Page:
Hong Kong: Introduction

  • © Rebekka11, marcopolo.de

    © Rebekka11, marcopolo.de


There is no doubt about it. Hong Kong is a synonym for the fascination of the Far East, and everybody has a certain picture in their mind. On the one hand, there is the expectation of an extremely modern, international metropolis whose economic dynamism manifests itself in a forest of skyscrapers and where the wealthy are chauffeured around in Rolls Royces. On the other hand, visitors hope to experience the exotic atmosphere of China, the enigmatic, the unfamiliar. And, you would not be really far off there either.

This Chinese metropolis, with 155 years of British tradition, is both cosmopolitan and fascinatingly different. Here, the Chinese has been moulded by the British, striving for profit has been amalgamated with traditional Chinese values and the liberal economic atmosphere and work discipline go hand in hand with culture and pleasure. The only thing you should forget is the cliché about the city being a stronghold of criminality and secret societies - things in Hong Kong are much more orderly than in many large European cities.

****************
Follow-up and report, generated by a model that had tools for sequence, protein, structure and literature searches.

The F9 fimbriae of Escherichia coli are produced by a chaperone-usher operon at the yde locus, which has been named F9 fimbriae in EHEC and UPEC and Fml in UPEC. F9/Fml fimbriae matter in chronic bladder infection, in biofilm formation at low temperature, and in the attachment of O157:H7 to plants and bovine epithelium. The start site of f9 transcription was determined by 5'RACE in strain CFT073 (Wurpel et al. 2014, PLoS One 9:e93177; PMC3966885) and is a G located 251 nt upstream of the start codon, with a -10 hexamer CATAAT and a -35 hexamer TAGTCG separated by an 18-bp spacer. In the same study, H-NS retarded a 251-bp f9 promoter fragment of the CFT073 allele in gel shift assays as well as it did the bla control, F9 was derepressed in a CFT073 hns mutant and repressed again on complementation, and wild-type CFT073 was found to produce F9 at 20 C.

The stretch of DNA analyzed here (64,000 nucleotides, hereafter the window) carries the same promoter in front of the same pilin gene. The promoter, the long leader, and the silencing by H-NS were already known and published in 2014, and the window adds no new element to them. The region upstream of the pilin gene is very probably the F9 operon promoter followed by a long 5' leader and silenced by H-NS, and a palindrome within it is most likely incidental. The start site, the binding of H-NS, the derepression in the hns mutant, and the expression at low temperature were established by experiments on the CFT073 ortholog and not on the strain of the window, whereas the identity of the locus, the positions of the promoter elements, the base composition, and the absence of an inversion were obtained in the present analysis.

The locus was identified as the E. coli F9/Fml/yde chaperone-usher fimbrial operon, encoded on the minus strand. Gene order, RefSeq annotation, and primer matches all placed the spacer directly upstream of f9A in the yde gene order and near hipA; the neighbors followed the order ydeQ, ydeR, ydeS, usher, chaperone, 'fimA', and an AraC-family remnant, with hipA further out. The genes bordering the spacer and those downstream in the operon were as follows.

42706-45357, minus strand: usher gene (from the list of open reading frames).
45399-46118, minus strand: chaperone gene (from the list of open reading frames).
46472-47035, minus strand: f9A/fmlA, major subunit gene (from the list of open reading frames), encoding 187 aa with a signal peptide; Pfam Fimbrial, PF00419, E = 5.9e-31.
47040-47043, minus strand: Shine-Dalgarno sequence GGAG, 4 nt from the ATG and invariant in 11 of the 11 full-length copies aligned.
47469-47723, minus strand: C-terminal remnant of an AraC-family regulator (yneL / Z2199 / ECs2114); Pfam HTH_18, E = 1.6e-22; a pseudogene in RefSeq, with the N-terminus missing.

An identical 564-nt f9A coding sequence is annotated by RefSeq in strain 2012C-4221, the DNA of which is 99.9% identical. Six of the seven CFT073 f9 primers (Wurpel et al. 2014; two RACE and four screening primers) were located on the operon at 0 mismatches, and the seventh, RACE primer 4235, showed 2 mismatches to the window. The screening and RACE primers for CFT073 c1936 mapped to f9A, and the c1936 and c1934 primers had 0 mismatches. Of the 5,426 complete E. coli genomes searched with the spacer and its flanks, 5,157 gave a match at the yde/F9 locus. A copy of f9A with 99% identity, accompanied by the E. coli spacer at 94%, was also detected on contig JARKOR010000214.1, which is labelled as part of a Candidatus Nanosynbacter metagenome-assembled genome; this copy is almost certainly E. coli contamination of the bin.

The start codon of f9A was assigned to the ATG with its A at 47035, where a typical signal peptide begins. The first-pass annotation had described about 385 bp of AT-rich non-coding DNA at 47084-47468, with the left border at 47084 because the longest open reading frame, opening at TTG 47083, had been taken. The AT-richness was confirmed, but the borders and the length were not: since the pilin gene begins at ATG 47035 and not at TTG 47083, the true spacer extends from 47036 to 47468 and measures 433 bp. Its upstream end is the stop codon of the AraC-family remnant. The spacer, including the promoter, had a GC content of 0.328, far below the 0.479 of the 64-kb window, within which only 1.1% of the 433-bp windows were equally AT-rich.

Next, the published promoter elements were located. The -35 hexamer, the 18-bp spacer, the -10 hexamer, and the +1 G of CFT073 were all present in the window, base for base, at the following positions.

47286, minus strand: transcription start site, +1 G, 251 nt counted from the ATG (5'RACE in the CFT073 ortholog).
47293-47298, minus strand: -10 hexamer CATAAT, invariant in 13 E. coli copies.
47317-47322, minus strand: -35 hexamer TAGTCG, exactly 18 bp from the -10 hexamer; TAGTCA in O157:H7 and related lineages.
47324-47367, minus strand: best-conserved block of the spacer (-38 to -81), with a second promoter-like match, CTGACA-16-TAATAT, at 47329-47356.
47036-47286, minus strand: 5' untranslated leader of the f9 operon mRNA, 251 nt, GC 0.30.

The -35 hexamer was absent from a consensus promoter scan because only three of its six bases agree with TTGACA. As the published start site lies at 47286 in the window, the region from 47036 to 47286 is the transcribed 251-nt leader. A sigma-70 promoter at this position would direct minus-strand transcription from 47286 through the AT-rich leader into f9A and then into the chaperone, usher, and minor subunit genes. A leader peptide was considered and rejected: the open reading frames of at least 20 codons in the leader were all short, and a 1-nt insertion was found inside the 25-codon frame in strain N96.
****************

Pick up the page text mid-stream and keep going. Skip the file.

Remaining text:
The first time you visit Hong Kong, you will find coming to grips with the city somewhat challenging. The pushing and shoving on the streets, the smell of exhaust fumes from cars in the canyons between high buildings, the noise of the swarms of buses, cement mixers and pneumatic drills reverberating off the façades of the high-rises in this incessantly hectic city. Some visitors are even happy to leave after only two days of shopping and a single city tour.

A Chinese metropolis, cosmopolitan and fascinatingly different